There's a game that was launched a couple years ago on iOS called Seven Little Words which I was addicted to for a few weeks back then. The author did a great job coming up with a completely new game mechanic for a word puzzle which is simple, yet very compelling: There are seven word definitions listed at the top, and a grid of squares containing 2 or 3 letters listed randomly at the bottom, which you combine to make up the answers. When you first start, you may not be able to guess most of the words except for one or two, but as you successfully guess words, the number of squares left diminishes, reducing the number of possible letters for the more difficult words making them easier to guess. So what seems at the beginning like a set of impossible clues and a jumble of letters becomes, as you go along, much more manageable. Additionally, by listing the letters in chunks of 2 or 3, sometimes words will seem more difficult than they should be because of the way it has been divided - seeing a square with 'TH' and you immediately think the letters will be used as a digraph (as in the words 'think' or 'with'), whereas the word might actually be 'hothead', leading to a lot of 'ah-ha!' moments. It's really quite brilliant.
If you want to play the game, go to Flip.io (I decided to use one of the various .io domains I've been hoarding since it was just sitting there), but I also put the source up on Github with an MIT license. Check it out and feel free to send me pull requests if there's something you'd like to change. :-) I posted about it on Twitter last week and already someone sent me a suggestion to add a 'sort' button, which I thought was a good idea and since it was relatively simple to do I added it in.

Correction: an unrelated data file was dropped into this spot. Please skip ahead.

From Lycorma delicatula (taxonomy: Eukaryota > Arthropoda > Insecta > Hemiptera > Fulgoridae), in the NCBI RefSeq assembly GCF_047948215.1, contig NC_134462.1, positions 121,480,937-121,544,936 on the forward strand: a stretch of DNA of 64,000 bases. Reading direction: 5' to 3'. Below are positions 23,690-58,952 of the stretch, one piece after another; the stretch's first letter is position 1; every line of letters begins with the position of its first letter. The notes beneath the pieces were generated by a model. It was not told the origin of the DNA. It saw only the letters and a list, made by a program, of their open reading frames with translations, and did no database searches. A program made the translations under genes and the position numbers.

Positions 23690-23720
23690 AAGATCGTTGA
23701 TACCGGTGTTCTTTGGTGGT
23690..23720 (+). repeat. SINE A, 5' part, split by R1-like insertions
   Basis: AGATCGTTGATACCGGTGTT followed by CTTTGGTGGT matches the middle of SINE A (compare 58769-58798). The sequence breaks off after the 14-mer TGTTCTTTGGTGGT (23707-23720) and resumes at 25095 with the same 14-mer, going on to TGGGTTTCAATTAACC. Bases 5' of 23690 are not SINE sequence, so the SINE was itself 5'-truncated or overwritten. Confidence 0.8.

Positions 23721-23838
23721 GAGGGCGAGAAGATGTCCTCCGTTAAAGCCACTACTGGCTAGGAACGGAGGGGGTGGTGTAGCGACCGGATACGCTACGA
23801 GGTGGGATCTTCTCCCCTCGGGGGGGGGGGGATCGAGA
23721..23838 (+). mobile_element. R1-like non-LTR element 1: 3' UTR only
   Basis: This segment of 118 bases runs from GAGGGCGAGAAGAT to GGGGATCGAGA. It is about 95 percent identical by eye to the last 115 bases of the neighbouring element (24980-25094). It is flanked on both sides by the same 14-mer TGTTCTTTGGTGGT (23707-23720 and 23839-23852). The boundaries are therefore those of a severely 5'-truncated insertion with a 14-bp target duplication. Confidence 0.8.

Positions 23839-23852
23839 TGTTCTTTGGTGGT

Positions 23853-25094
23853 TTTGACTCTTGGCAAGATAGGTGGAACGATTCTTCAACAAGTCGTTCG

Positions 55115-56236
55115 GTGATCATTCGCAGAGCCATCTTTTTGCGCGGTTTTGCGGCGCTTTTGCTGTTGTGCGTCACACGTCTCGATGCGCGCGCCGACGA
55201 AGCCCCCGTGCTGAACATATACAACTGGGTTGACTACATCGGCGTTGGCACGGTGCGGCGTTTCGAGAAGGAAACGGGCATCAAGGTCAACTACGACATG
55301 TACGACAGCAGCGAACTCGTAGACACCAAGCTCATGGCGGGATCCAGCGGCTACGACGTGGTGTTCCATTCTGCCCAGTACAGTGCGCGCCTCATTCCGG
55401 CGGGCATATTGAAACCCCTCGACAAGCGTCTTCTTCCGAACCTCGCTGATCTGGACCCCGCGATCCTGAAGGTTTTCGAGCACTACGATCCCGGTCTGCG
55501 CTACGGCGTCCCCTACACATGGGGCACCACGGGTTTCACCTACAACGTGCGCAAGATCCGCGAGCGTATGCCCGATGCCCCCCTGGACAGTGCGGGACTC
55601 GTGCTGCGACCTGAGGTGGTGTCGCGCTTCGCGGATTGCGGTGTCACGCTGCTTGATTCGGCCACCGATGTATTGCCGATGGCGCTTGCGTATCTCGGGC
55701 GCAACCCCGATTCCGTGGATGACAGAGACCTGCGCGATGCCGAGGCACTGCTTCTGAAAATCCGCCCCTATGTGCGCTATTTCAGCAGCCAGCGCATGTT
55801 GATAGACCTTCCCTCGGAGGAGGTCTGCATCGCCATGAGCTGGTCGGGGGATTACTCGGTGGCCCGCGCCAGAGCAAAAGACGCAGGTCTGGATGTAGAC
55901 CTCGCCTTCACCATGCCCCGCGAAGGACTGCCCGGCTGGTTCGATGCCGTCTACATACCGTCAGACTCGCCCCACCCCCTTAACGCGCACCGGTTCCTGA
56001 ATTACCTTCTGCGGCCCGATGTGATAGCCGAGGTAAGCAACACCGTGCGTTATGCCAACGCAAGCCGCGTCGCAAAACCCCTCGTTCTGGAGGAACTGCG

Here's some technical details: It's self-contained HTML5 web app - so there's no server-side script involved. I used JQuery, Lodash.js and Backbone.js as the main libraries to manipulate the UI, structure the code and manage the events and navigation. I'm not in love with backbone.js for this stuff (because it's a pain in the ass), but I'm using it on another project and didn't want to mess my mind by doing something different. It uses the HTML5 audio functionality to play 'ding' and 'sweep' sound files (in .wav and .mp3 versions to support the various devices/browsers) and HTML localStorage API to save completed puzzles (which doesn't work very well, honestly, so I may change this). In theory, I should be able to use a HTML5 manifest file to make the whole thing an 'offline app', but in practice that thing is a giant pain so I included it in the source, but don't actually use it. At one point I'll make the effort to create a 'real' Firefox or Chrome web app, but for now it's fine just hosted on a server.
If you do happen to dive into the code, note that I'll probably want to go back and refactor the reliance on JQuery and data-attributes that the GUI has. I just re-used the code I whipped up a couple years ago as I was figuring things out and it's pretty ugly/confusing in some spots. It'd be nice to separate out the display logic from the game management logic a bit more, as right now they're heavily mixed (like when trying to figure out if a square has been used or not: Is it visible? Then yes. If not, then no. This could be done better...). But for now it works ok.